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Basic Geometry Examples
Basic Shapes & Angles
This is where it all begins: basic shapes, lines, and angles. Read on and let us take you on a magical geometry tour... NameDescriptionExamplePointA single location.Usually drawn as a d...
Not to be confused with angels, angles are the pointed corners of shapes. Angles can be named three different ways. This angle could be named any of these ways: (counterclockwise)...
Parallel Lines & Transversals
A transversal is a line that intersects two or more other lines. When it intersects parallel lines, many angles are congruent. Let's take a peek at what this means. Lines k and j are par...
Angles in a Polygon
As we discussed before, the three angles of a triangle always add up to 180°.In each case . By the way, means "the measurement of angle A".To find the total number of degree...
Similar figures have the same shape, but might not be the same size. When two shapes are similar, their corresponding sides are proportional (see ratios and proportions) and their cor...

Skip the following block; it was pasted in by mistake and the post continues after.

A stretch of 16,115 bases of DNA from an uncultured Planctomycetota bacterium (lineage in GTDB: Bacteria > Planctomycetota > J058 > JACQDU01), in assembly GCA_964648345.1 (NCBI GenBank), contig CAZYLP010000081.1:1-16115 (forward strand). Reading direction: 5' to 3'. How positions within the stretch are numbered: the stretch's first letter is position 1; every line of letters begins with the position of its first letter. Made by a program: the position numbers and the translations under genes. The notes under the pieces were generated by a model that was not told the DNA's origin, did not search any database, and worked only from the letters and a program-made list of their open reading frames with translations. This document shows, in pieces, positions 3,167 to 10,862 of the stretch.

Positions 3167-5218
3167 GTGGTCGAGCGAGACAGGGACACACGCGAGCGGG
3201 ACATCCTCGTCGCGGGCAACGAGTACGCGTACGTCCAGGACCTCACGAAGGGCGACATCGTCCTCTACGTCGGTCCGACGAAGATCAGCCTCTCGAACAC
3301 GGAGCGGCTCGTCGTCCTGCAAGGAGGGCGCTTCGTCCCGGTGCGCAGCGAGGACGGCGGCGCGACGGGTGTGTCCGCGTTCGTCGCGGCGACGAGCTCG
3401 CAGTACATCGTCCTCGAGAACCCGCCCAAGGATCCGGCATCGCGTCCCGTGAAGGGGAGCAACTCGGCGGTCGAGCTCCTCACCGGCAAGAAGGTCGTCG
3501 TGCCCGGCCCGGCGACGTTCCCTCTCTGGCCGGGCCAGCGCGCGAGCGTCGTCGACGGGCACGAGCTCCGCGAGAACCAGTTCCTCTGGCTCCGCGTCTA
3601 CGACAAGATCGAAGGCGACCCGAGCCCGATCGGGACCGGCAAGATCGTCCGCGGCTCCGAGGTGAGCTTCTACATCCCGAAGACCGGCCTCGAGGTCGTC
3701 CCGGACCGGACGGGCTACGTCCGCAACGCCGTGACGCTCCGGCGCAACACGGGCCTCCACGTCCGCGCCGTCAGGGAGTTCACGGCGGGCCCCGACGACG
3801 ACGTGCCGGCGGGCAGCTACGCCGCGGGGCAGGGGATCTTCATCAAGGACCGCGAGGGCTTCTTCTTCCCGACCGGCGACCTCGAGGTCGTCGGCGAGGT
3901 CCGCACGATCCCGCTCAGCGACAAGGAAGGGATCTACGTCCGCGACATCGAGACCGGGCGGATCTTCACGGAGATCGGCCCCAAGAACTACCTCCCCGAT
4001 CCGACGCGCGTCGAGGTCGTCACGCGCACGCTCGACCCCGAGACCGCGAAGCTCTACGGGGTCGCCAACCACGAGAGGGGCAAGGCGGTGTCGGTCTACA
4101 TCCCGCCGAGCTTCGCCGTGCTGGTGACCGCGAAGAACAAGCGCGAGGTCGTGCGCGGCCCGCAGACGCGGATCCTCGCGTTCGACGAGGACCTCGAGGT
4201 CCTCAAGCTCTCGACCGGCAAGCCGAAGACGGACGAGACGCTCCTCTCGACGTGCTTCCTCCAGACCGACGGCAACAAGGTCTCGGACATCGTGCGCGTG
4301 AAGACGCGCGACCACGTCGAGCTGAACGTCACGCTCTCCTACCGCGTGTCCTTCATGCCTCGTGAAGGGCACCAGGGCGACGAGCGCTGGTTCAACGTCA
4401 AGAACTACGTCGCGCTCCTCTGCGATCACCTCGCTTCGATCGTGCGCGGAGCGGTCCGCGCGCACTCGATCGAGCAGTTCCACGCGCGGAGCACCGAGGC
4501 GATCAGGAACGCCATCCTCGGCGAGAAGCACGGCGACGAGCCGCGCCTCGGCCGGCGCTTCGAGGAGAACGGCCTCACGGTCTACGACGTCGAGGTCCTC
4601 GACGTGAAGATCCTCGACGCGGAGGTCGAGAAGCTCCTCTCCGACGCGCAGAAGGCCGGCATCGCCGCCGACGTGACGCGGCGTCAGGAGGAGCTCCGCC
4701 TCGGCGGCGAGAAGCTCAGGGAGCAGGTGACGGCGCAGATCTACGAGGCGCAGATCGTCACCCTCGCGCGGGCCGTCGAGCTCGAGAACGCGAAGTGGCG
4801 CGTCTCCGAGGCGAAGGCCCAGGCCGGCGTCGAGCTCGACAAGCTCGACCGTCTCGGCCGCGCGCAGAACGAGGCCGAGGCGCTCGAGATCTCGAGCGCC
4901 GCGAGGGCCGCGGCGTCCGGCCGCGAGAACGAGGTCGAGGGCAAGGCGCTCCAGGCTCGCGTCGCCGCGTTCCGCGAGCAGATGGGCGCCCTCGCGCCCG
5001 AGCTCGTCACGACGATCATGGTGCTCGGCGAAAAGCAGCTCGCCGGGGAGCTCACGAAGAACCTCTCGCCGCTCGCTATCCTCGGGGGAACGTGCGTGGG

Perimeter & Circumference
The perimeter of a shape is the distance around the outside of the figure. It's pretty simple; just add up the lengths of each side. Perimeter is often used to find the measurements needed...
Let's go over these formulas one more time.Formulas for different shapes:Area of Rectangle = Base x HeightArea of Triangle = ½(Base × Height)Area of Parallelogram = Base × HeightArea of Tra...
Volume of Prisms & Cylinders
The volume of a solid is the amount of space inside the object. It's how much water fits inside a bathtub, how much sand fills a bucket, or how much soda your friend can chug and hold in h...
Volume of Pyramids & Cones
The formula for the volume of pyramids and cones tells you how much space is inside each object.For these two solid shapes, the volume formula is the same: it's one third of the area o...
Volume of Spheres
To find the volume of a sphere, follow this simple formula (which took a brilliant ancient Greek mathematician named Archimedes years to derive):Volume of a Sphere = 4/3π x radius cubed = 4/3πr3...
The surface area of a solid is the area of each surface added together. There are few formulas to memorize (w00t!). The keys to success: make sure that you don't forget a surface and that you have...
A long time ago, in ancient Greece, a brilliant guy named Pythagoras discovered something pretty amazing and useful. Pythagorean Theorem: a2 + b2 = c2In a right triangle the sum of t...
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